- 18 Jan '06 08:55

Aside from sqrt(-i)?*Originally posted by CrazyLilTing***You have at most an hour to reply:**

Which is the square root of -i ?

P.S.: I dont know the answer. but could intenti to find it! And this isn't a college duty!

-J

EDIT: well, you deserve more time... it's too late in the night!

i*sqrt(i) would work too, is the same. - 18 Jan '06 15:23

No I didn't. As the google page says the answer is 0.707... - 0.707...i*Originally posted by Balla88***You forgot the (-sqrt(2)/2i)**

sqrt(-i) = sqrt(2)/2 - sqrt(2)/2i

I also pointed out that 0.707... = sqrt(2)/2 as the squareroot form is much more useful (and precise). I did not state that the answer was 0.707...

Also be careful of your brackets. sqrt(2)/2i is easily read incorrectly. Better would be sqrt(2)/2 * i. - 18 Jan '06 19:03-i = exp{i*[(-pi)/2]}, whose square root is exp{i*[(-pi)/4]} = [sqrt(2)/2]*(1-i), as they said.

I only contributed to this thread so I could take the opportunity to be paranthetically unambiguous in as many places as possible, thus doing all I can to keep plonkers like XanthosNZ at bay.

This is also my first use of the word 'plonker' in any context, ever. - 20 Jan '06 06:52 / 1 edit

Google is wise. Wikipedia is wiser!*Originally posted by XanthosNZ***Google knows all.**

http://www.google.com/search?&q=sqrt(-i)

Also 0.707106781 = sqrt(2)/2

http://en.wikipedia.org/wiki/Complex_numbers#Geometric_interpretation_of_the_operations_on_complex_numbers

It's best to think of complex numbers geometrically as suggested in the Wikipedia page. Then it becomes clear that there are two answers to the question. Both:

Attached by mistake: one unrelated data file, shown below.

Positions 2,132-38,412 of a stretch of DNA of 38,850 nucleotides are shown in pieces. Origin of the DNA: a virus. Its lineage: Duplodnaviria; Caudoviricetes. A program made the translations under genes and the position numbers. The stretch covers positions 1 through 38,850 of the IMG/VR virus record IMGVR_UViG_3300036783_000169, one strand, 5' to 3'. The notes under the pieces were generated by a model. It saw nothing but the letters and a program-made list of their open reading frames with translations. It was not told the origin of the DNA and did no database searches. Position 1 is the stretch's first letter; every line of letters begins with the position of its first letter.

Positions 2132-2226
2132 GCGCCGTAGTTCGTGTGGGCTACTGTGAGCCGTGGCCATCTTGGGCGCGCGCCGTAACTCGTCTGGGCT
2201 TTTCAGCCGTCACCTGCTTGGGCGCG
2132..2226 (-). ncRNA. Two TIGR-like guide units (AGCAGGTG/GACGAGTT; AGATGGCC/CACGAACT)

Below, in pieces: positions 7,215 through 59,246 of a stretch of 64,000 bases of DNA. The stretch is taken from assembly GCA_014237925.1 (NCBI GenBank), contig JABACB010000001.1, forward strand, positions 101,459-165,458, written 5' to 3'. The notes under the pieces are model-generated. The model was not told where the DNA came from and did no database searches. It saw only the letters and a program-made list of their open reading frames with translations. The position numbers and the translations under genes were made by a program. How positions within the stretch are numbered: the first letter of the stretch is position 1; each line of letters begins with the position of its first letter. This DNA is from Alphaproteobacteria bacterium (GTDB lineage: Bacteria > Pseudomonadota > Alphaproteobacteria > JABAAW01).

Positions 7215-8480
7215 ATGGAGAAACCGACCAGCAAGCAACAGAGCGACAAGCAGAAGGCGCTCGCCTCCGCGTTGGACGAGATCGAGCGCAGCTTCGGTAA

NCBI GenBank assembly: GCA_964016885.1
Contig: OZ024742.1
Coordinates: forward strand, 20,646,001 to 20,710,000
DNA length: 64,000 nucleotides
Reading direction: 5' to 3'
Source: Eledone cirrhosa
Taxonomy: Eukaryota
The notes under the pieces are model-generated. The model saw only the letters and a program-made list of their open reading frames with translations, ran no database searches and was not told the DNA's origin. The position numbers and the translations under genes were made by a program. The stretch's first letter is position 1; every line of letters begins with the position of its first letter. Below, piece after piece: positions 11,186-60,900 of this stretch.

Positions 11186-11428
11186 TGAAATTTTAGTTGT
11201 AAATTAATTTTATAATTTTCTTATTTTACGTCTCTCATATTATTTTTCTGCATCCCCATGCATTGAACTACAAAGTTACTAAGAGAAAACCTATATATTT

1/sqrt(2) - i/sqrt(2)

and

- 1/sqrt(2) + i/sqrt(2)

are solutions.

EDIT: Hey Russ! How 'bout you stop fiddling around with that analysis board, and get us a decent equation editor in the forums. Jeez, you'd think this was a chess site or somethin'. - 20 Jan '06 07:15

Don't let it happen again!*Originally posted by royalchicken***-i = exp{i*[(-pi)/2]}, whose square root is exp{i*[(-pi)/4]} = [sqrt(2)/2]*(1-i), as they said.**

I only contributed to this thread so I could take the opportunity to be paranthetically unambiguous in as many places as possible, thus doing all I can to keep plonkers like XanthosNZ at bay.

This is also my first use of the word 'plonker' in any context, ever. - 20 Jan '06 12:17

True, but we'll assume the original poster asked for the principal value .*Originally posted by leisurelysloth***Google is wise. Wikipedia is wiser!**

http://en.wikipedia.org/wiki/Complex_numbers#Geometric_interpretation_of_the_operations_on_complex_numbers

It's best to think of complex numbers geometrically as suggested in the Wikipedia page. Then it becomes clear that there are two answers to the question. Both:

1/sqrt(2) - i/sqrt(2)

and

- 1 ...[text shortened]... ent equation editor in the forums. Jeez, you'd think this was a chess site or somethin'. - 20 Jan '06 17:57

It's a right of passage.*Originally posted by royalchicken***-i = exp{i*[(-pi)/2]}, whose square root is exp{i*[(-pi)/4]} = [sqrt(2)/2]*(1-i), as they said.**

I only contributed to this thread so I could take the opportunity to be paranthetically unambiguous in as many places as possible, thus doing all I can to keep plonkers like XanthosNZ at bay.

This is also my first use of the word 'plonker' in any context, ever.